Victim-blaming is an ineffective approach to sexual assault

The Channels Opinion Pages | STAFF COLUMN

MEGAN ROBERTS-KING, Channels Staff

The discussion of sexual assault on college campuses is an aggressive topic in news and politics right now.

According to the Higher Education Center for Alcohol and Other Drug Prevention, “rape is the most violent crime committed on college campuses.”

Many organizations and groups are attempting to educate the public as well as students about the new Senate Bill 967, also known as the “yes means yes” bill.

SB 967 is a new piece of legislation written by Das Williams, a Democratic Assembly member, that requires a student convicted of sexual assault to be further punished by their college such as requiring that their college transcripts note their offense.

Knowing this, it is very discouraging to learn about a retiring Isla Vista cop who essentially placed the blame onto rape victims for being too intoxicated. All the while, politicians and organizations are pushing to create a safer environment for college students affected by sexual assault.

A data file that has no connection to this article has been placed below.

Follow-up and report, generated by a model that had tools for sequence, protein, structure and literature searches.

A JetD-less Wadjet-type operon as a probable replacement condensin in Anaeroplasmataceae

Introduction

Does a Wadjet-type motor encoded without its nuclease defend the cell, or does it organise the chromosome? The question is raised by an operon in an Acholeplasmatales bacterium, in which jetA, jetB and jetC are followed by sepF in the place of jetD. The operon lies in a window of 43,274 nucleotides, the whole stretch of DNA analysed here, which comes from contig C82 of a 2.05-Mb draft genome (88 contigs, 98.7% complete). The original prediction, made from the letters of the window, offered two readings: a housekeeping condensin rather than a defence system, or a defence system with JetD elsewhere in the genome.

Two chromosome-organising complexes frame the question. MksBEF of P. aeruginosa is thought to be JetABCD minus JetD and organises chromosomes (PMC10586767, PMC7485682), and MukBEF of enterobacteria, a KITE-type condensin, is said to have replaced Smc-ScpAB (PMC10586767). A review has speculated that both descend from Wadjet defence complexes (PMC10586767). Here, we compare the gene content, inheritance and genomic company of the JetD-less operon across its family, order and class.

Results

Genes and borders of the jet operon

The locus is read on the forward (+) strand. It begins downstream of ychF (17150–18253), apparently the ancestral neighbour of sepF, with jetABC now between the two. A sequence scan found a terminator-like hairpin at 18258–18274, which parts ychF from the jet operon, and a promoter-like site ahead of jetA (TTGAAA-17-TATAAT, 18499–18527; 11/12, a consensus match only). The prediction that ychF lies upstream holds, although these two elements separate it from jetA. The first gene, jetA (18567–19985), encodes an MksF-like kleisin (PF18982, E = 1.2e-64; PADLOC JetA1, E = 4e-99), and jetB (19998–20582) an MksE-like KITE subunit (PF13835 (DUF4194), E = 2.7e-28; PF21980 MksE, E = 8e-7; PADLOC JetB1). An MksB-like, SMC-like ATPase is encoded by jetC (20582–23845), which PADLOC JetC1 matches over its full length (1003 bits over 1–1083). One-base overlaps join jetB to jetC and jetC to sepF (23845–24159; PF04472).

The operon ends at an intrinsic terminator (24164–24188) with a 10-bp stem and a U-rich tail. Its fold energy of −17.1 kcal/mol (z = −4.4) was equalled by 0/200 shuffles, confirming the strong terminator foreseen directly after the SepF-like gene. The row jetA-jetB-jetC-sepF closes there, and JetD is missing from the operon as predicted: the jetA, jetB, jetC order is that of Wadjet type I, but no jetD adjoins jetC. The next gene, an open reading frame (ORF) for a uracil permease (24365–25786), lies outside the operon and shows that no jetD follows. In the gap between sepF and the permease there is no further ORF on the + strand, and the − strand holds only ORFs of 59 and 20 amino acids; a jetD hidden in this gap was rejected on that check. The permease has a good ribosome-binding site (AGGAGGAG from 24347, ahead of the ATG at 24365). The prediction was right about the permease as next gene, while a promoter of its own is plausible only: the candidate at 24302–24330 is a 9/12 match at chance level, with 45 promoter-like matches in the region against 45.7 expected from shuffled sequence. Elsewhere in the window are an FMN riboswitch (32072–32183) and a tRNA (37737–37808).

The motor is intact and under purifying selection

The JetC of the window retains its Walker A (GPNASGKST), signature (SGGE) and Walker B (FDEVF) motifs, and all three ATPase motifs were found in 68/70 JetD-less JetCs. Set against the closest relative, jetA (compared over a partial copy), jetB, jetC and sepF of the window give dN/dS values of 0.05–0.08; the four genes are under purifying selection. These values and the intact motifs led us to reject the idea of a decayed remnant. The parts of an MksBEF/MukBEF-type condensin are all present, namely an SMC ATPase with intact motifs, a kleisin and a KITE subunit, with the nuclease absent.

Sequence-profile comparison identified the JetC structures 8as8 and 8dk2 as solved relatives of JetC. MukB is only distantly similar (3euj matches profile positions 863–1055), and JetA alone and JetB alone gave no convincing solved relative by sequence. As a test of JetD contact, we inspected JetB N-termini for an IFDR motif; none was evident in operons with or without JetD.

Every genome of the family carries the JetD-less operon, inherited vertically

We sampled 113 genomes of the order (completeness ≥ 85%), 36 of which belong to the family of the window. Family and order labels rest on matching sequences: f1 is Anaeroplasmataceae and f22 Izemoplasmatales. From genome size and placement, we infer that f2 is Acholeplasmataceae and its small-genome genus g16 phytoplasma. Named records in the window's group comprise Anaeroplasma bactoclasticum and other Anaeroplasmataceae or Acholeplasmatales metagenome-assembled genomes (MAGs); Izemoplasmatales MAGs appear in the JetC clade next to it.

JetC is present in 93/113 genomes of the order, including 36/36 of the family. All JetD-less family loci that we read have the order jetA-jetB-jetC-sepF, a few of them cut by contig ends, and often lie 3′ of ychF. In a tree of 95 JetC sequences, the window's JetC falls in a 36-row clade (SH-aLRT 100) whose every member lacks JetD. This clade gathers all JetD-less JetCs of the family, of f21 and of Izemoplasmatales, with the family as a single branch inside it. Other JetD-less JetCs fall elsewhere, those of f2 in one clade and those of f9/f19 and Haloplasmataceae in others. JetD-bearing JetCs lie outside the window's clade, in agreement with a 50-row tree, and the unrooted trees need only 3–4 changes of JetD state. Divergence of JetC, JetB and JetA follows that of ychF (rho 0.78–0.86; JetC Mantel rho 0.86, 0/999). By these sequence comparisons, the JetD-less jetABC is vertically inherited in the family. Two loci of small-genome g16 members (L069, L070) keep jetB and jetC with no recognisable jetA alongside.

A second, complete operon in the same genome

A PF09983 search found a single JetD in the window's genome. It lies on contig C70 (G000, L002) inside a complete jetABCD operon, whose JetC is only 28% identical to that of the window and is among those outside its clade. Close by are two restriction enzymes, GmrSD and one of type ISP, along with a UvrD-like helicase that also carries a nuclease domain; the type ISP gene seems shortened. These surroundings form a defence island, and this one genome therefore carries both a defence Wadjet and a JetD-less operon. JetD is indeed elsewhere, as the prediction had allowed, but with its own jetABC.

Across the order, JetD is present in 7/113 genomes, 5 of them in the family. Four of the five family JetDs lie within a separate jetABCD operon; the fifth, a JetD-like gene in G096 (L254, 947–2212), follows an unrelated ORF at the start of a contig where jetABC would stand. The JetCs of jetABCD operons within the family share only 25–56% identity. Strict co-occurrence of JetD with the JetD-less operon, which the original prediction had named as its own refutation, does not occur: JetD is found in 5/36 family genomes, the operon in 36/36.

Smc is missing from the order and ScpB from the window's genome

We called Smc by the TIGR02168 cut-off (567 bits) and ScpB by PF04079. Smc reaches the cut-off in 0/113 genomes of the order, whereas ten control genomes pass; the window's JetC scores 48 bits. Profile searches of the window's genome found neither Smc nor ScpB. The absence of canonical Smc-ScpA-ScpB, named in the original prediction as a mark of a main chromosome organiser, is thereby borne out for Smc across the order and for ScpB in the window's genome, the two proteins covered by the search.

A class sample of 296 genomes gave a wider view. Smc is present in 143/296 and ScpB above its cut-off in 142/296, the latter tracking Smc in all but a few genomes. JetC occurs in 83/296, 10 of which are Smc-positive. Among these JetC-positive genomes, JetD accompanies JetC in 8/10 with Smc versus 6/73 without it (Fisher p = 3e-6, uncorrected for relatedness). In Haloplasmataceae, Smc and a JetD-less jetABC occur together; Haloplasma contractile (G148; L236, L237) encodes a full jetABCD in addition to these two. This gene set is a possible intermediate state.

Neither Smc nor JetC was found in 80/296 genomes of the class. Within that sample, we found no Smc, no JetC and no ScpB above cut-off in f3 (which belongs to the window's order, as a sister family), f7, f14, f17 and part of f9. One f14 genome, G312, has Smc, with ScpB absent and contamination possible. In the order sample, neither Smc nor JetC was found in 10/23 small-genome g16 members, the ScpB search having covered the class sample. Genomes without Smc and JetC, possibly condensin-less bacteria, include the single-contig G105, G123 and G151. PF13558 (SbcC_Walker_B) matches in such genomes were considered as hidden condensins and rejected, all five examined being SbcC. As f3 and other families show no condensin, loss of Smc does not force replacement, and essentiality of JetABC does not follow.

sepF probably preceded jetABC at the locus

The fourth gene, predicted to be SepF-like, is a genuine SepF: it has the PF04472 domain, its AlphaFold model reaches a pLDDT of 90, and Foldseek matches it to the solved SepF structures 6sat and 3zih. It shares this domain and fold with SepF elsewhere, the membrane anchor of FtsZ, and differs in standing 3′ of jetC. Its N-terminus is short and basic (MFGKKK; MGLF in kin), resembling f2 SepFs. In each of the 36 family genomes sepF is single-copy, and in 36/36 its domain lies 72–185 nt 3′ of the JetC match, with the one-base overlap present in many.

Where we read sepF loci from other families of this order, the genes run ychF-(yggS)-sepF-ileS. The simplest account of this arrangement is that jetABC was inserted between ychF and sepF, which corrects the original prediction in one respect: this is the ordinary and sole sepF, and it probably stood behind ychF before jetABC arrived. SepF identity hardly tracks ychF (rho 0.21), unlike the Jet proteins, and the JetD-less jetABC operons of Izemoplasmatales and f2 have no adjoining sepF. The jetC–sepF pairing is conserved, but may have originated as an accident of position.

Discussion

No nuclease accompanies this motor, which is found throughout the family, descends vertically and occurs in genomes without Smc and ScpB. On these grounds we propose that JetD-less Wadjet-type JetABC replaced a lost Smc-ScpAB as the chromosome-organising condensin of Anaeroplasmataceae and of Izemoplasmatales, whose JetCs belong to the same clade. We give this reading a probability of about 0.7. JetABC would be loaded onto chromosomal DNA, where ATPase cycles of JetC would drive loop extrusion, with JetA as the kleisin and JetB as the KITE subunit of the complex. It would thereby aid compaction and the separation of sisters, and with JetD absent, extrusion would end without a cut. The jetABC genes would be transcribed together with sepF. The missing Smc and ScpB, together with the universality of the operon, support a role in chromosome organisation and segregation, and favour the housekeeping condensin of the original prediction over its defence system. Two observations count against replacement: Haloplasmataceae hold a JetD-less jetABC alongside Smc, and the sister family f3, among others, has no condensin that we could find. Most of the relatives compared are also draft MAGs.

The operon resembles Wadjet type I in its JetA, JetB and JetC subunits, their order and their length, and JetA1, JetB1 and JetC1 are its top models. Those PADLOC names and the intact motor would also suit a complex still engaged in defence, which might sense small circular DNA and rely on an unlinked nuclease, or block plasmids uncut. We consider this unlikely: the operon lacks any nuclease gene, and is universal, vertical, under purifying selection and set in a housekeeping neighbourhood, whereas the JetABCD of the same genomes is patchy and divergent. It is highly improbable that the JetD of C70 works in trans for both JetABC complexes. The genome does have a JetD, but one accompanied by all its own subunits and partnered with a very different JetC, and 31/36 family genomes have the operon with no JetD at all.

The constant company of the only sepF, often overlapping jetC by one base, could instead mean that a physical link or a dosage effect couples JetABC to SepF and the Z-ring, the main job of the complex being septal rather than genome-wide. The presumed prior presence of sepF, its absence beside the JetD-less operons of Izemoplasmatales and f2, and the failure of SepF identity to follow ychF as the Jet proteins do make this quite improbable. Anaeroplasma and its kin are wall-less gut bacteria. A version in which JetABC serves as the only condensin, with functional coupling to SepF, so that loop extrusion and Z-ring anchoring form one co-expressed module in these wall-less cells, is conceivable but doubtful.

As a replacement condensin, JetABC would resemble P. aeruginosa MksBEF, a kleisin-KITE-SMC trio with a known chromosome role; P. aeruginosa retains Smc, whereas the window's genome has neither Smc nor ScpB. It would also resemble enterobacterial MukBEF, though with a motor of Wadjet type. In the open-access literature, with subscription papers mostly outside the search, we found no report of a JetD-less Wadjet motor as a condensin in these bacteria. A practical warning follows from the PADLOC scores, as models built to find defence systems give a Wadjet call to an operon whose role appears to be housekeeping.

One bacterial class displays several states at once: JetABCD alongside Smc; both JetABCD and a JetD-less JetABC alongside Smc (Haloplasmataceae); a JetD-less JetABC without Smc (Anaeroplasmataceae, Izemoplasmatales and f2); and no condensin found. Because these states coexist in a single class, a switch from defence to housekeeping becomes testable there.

Mark Ward retired after 27 years from his position as Isla Vista Foot Patrol Deputy this spring. During an interview with Kelsey Brugger for the Santa Barbara Independent, Ward was asked, “What can be done to prevent sexual assault in college communities?”

His response, however diplomatic, was shocking to hear.

“It’s not the best thing for your personal safety to go out and get so blind drunk you literally can’t speak your native language,” Ward replied.

While he retracted by explaining he understood that men don’t have to worry about sexual assault in the same ways that women may have to, Ward concluded that no matter what gender, “it’s dangerous to put yourself in that position.”

On one hand, Ward has a point. No matter what sex, going out and getting intoxicated should come with responsible decision-making, although those two don’t often play well. Attempting to construct a safety net of friends can help ensure everyone’s welfare.

However, one of the most glaring problems with sexual assault on campus is that according to the National Sexual Violence Resource Center, nine in 10 college women that are victims of rape and assault knew their offender.

Clearly, the blame cannot be placed onto the victim, especially when most sexual assault victims trusted their attacker.

Emilie Buchwald, author of “Transforming a Rape Culture,” described rape culture as “a complex set of beliefs that encourage male sexual aggression and supports violence against women. It is a society where violence is seen as sexy and sexuality as violent.”

Rape culture is perpetuated when the victim of sexual assault is blamed for the actions of the assailant.

Women in college are understood to be very vulnerable to sexual assault, and because it is understood that most victims knew their attackers prior, that should be enough of an indicator to stop blaming the victim and to start changing the culture.